"Please, have some meatballs," Judy Cassidy says cheerfully as she rests an ivory-colored serving bowl on her tidy dining room table.

It's a weekday night, and she's happy to have the whole family together: her 26-year-old son John; daughters Katie, 30; and Colby, 29; and 17-month-old granddaughter Charlie, who's a little fussy at the moment.

Her daughters playfully needle Judy about not using paper plates for a change. Charlie totters to the living room, where she yells "Touchdown!" while watching Mulan for the umpteenth time. Everyone laughs.

But Judy's smile fades as the conversation turns to the anniversary she's been dreading. Tuesday marks 10 years since her husband, Chuck, was gunned down when he walked into a Dunkin' Donuts on Broad Street near 66th Avenue as it was being held up by a pudgy robber named John "Jordan" Lewis.

Cassidy, 54, had been a Philadelphia police officer for 25 years. He had never fired his gun in all those years as a patrol cop, and didn't get a chance to in the few seconds before he collapsed to the ground outside the doughnut shop. Lewis shot him once in the head, then crouched to steal Cassidy's service revolver before fleeing. The officer died the following morning.

"Sometimes it feels like it was 100 years ago, because it's been so long since I've seen him," Judy says. "And yet just yesterday. … " Her voice catches, and she stops talking before the tears can take over.

We're told from an early age that time will magically heal our worst heartaches, but anyone who has ever experienced a gut-wrenching loss knows it doesn't quite work that way.

"Right now is a tough time. This time of year is always hard," Judy said. "It never goes away."

A calm cop, a frantic search

Chuck Cassidy was one of the 391 people murdered in Philadelphia in 2007, yet his death cast an outsize shadow over the city. He was the third police officer shot in a week and the second killed in the line of duty in as many years, a number that swelled to 10 by 2015.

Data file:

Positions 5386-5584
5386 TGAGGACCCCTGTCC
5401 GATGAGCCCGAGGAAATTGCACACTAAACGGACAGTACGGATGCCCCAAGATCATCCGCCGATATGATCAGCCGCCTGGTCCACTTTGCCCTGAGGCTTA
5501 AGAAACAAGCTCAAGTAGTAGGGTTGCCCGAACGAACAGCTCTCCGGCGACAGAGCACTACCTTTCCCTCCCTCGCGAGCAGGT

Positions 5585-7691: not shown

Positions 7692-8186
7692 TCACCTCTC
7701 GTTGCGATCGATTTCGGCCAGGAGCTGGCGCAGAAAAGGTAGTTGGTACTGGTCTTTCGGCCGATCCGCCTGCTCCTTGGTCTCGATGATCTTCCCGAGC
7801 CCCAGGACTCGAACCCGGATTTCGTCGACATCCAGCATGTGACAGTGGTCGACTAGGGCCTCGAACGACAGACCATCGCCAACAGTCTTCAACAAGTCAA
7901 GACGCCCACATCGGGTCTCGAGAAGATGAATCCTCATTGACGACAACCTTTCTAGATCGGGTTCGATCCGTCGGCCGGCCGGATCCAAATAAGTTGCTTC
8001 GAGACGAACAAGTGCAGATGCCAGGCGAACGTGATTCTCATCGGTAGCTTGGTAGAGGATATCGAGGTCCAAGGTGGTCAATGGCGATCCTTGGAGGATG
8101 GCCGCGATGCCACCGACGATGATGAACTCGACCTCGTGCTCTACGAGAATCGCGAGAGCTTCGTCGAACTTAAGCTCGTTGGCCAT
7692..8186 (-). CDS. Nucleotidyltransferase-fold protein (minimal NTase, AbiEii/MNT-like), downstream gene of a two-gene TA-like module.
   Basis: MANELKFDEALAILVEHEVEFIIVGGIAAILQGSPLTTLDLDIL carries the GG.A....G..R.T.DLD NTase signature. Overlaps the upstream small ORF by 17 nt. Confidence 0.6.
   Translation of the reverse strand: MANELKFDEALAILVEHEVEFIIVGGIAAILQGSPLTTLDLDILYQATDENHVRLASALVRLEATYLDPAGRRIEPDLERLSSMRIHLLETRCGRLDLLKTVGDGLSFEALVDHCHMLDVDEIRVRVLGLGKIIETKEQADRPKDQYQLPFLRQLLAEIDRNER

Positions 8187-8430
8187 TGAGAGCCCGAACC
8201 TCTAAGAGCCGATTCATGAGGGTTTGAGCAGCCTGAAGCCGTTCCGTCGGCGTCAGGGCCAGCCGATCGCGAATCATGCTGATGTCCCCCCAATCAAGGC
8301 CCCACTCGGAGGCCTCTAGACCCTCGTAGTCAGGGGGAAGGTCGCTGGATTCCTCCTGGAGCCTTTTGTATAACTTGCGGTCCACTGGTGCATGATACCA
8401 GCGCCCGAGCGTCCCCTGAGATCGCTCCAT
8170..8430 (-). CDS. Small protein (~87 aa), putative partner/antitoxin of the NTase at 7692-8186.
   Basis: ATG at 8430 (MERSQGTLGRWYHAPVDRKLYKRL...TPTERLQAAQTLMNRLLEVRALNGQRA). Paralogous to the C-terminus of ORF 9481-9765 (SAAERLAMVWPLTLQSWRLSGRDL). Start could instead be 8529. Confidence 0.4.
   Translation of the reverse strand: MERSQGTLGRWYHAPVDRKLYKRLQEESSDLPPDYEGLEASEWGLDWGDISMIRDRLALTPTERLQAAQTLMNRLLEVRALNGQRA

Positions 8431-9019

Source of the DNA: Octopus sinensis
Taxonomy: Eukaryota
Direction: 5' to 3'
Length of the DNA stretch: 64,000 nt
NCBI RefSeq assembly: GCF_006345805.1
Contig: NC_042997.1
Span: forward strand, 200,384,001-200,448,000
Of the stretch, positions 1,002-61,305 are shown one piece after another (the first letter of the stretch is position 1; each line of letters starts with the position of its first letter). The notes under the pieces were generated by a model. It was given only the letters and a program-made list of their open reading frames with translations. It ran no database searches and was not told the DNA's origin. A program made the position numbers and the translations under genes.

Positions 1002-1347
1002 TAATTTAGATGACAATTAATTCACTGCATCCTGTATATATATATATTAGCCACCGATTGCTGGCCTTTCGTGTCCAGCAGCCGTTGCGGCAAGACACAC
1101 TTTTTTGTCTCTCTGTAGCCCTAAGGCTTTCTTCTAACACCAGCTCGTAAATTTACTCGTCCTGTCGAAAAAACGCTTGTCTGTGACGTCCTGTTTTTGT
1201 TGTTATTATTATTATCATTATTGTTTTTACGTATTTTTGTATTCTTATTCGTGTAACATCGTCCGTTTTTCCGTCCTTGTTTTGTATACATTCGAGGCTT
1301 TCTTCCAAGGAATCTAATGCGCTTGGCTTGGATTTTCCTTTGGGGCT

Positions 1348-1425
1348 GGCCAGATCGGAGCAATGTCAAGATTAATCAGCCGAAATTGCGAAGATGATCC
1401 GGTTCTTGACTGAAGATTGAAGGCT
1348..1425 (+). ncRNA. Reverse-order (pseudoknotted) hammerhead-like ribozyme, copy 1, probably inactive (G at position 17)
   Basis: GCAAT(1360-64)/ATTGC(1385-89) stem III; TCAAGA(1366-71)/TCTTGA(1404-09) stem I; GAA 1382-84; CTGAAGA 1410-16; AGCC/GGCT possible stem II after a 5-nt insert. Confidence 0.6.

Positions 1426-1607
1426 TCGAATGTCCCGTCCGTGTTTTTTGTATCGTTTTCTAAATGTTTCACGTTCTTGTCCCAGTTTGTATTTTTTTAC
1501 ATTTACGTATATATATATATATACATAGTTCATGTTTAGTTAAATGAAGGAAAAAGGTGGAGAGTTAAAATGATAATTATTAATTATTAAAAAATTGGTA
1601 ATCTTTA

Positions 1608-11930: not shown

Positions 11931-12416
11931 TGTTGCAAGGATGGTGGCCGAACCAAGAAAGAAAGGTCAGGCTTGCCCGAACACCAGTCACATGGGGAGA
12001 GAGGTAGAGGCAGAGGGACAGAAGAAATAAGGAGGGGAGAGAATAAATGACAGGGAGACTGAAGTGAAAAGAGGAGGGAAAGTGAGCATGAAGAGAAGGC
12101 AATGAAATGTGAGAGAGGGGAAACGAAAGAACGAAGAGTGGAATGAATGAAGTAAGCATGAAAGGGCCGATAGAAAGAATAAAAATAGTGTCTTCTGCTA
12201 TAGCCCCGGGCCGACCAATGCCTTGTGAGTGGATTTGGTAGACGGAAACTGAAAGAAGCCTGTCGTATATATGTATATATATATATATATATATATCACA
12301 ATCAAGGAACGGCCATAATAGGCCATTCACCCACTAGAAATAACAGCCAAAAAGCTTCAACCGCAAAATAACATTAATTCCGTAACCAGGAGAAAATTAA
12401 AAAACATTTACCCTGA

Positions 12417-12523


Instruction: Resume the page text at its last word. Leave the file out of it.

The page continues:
round-the-clock manhunt was launched to track down his killer, and tips about Lewis' whereabouts poured in for several frenzied, frustrating days. A reward for his capture grew to $153,000 as investigators came to grips with the fact that he had slipped through their hands and escaped from the city.

Front pages: See how the Inquirer and Daily News covered Cassidy's death and the search for his killer

Cassidy was known throughout the sprawling 35th Police District — which encompasses Logan, Olney, Ogontz, West Oak Lane, and East Oak Lane — as a reassuring, approachable figure. Part of his daily routine revolved around checking on local businesses, which is what led him to the Dunkin' Donuts on Halloween morning.

On another day, it might have gone differently. Cassidy grew up in Olney, went to Cardinal Dougherty High School, and deliberately spent most of his career in the area. He prided himself on being able to talk people out of turning small mistakes into bigger ones.

"What made him so valuable was how he could relate with people," says Deputy Commissioner Joe Sullivan, whose friendship with Cassidy stretched back to their days as recruits at the police academy. "He didn't have that TV cop persona. He wasn't afraid to show a little empathy."